5Measuring the Strength of Attitudes in Social Media Data

Ashley Amaya1, Ruben Bach2, Frauke Kreuter2,3,4, and Florian Keusch2,3

1RTI International, Research Triangle Park, NC, USA

2Department of Sociology, School of Social Science, University of Mannheim, Mannheim, Germany

3Joint Program in Survey Methodology, University of Maryland, College Park, MD, USA

4Institute for Employment Research, Nuremburg, Germany

5.1 Introduction

The amount of stored data is expected to double every two years for the next decade (Quartz 2015). The advances in social science research will be enormous even if only a fraction of these data can be used. Official statistics could be produced more quickly and less expensively than currently possible using surveys (Kitchin 2015). Big Data may also provide statistics for small areas to make informed policy and program decisions (Marchetti et al. 2015). Researchers have already begun to harness Big Data from social media for a variety of purposes, including research into disease prevalence, consumer confidence, and household characteristics (Butler 2013; O'Connor et al. 2010; Citro 2014).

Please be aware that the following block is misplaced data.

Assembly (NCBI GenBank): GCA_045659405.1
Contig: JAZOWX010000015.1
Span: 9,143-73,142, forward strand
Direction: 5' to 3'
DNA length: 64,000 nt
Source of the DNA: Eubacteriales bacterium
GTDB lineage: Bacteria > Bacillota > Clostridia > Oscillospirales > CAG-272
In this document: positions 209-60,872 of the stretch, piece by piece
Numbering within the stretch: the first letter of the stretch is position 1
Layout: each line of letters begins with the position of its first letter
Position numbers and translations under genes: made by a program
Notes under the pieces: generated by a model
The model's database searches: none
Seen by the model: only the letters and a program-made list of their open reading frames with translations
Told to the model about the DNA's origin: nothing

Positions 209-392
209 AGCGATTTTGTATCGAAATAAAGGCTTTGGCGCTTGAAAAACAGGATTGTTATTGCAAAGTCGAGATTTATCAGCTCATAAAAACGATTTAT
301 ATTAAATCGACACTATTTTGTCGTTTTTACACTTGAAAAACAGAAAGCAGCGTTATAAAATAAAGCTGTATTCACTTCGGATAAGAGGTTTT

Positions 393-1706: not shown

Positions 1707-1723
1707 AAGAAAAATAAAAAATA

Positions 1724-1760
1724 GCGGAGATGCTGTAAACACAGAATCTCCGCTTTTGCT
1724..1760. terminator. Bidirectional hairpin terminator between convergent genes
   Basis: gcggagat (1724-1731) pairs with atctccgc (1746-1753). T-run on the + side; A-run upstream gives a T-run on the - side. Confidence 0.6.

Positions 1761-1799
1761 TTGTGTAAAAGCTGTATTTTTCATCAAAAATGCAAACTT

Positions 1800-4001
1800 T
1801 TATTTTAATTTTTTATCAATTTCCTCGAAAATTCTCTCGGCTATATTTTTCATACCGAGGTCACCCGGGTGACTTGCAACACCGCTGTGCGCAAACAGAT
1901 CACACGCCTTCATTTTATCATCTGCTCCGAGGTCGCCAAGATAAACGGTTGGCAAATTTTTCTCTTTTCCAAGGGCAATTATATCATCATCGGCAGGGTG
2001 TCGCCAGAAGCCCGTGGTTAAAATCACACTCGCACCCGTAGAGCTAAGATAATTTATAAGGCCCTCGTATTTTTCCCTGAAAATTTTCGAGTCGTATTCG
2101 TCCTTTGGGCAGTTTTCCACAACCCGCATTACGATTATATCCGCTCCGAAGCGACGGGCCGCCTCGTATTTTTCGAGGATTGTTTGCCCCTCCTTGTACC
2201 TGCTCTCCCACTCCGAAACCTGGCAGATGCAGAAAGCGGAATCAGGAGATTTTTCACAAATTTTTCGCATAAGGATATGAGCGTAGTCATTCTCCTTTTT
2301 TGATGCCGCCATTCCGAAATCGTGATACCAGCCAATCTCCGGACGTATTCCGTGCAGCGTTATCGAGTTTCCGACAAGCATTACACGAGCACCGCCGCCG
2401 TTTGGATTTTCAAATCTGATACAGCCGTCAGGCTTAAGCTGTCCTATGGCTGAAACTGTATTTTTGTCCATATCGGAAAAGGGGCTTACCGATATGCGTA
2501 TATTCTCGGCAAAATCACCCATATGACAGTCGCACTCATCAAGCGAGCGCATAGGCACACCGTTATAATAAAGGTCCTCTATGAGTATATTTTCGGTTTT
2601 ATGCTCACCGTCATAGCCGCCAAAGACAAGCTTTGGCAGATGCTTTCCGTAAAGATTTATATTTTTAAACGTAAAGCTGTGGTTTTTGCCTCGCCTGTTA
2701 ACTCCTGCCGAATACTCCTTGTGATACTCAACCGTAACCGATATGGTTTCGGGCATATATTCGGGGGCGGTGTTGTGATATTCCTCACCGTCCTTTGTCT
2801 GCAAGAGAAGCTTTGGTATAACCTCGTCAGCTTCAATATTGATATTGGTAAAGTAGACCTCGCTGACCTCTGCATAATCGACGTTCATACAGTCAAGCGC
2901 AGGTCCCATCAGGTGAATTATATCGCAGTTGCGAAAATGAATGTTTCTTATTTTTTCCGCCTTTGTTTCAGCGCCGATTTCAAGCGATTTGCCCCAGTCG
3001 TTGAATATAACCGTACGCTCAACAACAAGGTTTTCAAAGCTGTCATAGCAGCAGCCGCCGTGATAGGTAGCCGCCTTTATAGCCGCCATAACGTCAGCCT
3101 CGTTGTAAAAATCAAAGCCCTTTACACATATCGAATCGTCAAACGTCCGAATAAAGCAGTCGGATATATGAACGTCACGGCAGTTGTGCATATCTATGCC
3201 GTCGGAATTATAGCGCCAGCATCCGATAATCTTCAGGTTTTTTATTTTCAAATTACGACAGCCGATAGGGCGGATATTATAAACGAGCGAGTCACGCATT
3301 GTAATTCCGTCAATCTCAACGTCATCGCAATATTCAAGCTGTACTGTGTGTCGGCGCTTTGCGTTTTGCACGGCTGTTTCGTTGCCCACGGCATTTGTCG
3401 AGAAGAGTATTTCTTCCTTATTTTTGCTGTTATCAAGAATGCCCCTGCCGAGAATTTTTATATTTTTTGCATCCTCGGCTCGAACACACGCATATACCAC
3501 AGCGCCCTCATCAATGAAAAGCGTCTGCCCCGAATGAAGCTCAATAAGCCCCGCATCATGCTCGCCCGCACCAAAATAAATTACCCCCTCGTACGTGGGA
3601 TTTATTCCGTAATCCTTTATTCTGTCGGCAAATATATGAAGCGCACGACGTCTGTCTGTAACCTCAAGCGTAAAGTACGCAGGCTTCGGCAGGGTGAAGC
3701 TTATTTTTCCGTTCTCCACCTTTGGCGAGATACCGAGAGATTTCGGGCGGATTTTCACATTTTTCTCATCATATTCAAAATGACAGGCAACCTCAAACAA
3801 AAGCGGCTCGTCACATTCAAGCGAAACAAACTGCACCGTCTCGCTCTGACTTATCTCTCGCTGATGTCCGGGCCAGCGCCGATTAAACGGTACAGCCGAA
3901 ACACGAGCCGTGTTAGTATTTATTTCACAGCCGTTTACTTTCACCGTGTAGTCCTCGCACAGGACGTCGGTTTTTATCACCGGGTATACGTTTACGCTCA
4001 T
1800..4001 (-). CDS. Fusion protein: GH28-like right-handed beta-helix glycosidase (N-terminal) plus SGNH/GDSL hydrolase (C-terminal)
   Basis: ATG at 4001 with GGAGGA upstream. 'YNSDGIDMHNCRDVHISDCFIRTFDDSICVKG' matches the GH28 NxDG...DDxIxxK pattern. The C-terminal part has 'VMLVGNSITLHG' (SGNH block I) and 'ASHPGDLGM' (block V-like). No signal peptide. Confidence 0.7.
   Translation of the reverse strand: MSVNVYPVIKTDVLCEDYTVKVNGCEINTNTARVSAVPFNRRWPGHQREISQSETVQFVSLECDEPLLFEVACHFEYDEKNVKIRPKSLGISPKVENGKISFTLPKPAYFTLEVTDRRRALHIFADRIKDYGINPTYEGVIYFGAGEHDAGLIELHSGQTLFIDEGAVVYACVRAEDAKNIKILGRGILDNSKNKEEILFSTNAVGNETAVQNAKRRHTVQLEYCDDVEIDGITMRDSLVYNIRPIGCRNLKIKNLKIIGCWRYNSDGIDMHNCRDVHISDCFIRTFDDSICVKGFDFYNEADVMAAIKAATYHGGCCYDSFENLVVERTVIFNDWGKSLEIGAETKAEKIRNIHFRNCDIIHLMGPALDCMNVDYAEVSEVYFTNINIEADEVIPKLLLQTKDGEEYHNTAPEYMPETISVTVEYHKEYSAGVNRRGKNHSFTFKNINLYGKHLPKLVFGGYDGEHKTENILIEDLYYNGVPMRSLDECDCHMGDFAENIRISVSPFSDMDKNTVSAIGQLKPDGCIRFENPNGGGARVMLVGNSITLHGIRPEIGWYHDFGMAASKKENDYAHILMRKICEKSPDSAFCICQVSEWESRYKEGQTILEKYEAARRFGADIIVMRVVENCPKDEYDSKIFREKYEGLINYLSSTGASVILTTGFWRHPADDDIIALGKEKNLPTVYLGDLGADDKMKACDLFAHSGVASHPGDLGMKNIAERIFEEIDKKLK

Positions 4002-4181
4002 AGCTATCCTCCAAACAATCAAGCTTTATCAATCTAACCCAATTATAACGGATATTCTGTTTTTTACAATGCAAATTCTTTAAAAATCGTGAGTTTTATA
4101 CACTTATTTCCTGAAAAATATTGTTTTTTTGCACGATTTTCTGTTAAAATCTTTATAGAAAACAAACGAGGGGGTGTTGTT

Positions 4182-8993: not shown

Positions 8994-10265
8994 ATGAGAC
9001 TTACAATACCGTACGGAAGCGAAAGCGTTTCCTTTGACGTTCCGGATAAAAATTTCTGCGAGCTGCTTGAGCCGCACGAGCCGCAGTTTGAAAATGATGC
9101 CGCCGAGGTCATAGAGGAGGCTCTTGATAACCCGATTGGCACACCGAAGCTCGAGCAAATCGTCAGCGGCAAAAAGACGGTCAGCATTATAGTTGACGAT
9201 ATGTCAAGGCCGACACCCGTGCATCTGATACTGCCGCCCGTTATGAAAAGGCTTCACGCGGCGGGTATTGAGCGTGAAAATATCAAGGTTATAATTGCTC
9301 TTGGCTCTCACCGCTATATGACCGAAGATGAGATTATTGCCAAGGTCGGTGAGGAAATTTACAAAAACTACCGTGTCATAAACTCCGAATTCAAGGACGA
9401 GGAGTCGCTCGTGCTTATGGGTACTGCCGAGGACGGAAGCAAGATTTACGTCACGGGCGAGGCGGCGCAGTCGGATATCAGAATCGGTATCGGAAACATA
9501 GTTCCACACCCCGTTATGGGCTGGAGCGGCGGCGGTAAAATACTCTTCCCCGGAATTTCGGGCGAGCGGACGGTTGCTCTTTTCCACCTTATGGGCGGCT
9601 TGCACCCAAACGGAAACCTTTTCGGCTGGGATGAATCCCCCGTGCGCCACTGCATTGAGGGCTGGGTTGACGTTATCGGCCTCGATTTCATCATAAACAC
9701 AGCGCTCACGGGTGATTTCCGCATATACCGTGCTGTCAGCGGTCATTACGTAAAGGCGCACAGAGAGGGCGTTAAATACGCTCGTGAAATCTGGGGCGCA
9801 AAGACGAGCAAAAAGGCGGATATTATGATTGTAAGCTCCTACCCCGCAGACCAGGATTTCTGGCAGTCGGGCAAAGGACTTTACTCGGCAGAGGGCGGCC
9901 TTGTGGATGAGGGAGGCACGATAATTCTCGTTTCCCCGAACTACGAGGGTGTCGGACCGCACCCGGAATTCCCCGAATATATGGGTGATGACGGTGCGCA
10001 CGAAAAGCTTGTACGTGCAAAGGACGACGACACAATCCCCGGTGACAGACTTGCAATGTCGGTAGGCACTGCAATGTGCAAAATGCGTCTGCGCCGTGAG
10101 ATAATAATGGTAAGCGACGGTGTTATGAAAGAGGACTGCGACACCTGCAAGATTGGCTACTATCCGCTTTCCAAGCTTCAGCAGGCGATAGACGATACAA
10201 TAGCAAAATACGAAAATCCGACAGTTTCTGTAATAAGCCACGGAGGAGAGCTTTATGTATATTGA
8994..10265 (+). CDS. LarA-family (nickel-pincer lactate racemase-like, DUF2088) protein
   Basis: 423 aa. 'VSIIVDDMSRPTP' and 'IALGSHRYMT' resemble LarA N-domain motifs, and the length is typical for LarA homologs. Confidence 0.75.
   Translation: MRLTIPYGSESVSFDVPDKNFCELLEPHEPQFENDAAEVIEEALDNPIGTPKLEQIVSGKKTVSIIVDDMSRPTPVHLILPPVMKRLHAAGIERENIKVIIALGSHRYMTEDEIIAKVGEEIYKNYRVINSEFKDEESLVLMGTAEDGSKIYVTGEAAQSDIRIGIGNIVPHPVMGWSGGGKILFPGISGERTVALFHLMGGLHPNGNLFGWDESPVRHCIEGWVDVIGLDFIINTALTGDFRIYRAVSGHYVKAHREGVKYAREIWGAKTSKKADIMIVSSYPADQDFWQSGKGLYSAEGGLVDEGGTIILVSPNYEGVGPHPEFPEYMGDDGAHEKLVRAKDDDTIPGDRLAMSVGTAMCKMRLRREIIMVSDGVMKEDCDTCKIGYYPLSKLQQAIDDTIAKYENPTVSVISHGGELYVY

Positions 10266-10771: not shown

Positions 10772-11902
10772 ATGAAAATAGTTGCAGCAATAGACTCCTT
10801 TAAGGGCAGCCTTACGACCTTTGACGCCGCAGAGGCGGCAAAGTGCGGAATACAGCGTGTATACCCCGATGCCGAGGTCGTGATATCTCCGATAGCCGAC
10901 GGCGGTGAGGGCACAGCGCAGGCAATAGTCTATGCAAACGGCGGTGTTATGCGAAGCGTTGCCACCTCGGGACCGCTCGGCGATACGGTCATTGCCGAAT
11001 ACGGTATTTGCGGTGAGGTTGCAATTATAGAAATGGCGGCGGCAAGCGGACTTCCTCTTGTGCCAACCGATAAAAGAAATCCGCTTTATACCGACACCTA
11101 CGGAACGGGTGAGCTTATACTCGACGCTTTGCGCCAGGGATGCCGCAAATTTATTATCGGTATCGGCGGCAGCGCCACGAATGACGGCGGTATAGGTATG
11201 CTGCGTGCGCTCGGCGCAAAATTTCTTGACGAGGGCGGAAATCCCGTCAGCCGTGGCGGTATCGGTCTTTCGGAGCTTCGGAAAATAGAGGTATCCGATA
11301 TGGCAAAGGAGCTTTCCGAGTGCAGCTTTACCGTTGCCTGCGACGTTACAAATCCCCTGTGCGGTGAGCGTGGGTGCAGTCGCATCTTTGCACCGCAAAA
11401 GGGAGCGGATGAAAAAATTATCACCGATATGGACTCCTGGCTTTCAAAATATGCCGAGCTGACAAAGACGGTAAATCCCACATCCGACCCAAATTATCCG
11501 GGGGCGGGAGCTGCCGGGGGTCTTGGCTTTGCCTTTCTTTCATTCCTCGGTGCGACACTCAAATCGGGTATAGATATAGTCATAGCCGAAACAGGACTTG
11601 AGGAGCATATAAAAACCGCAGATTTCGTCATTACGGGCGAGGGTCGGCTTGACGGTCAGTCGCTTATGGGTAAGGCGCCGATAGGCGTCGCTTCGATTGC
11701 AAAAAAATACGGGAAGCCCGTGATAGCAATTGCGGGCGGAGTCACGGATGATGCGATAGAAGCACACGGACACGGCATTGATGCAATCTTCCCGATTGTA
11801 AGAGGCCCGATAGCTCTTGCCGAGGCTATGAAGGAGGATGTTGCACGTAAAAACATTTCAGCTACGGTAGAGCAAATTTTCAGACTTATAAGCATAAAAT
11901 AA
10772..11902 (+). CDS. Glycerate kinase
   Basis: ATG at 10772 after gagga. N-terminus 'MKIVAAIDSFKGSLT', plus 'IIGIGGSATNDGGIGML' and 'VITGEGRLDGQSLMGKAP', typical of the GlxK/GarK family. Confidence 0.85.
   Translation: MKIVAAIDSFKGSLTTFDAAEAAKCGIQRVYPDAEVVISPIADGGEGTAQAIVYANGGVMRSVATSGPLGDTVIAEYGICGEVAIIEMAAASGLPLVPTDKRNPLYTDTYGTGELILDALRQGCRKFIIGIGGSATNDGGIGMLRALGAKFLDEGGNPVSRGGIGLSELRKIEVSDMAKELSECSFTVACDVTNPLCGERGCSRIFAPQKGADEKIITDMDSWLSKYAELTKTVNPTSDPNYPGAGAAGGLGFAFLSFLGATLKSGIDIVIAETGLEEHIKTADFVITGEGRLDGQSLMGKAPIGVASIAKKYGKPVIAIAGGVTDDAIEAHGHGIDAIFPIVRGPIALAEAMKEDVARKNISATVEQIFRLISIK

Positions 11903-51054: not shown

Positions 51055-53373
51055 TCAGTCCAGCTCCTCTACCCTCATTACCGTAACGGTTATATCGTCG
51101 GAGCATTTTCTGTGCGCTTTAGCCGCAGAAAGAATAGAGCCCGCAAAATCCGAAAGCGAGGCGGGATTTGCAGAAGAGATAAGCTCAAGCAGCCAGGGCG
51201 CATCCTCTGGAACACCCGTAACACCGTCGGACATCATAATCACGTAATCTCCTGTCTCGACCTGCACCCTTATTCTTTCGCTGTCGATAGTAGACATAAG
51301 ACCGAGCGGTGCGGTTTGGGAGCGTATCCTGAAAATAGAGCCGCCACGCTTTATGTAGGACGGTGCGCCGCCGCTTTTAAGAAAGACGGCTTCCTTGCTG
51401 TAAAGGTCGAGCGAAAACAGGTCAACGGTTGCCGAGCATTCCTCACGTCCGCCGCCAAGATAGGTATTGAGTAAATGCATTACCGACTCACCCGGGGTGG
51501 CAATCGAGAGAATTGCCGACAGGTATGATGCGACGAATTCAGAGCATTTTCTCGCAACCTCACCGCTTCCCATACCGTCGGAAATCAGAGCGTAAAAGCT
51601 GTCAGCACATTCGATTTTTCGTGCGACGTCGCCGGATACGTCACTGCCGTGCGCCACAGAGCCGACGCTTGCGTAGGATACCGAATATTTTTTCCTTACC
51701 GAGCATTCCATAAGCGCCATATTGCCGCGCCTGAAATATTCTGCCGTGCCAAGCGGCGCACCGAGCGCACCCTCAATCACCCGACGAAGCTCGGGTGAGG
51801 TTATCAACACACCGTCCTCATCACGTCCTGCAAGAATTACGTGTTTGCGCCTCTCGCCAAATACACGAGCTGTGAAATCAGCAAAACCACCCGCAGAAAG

In researchers' excitement to capitalize on Big Data, many have published papers in which they attempt to create point estimates from Big Data. Unfortunately, there are as many examples of biased estimates created from Big Data as there are success stories. For example, Twitter data has successfully been used to predict the 2010 UK, 2011 Italian, and 2012 French elections ...

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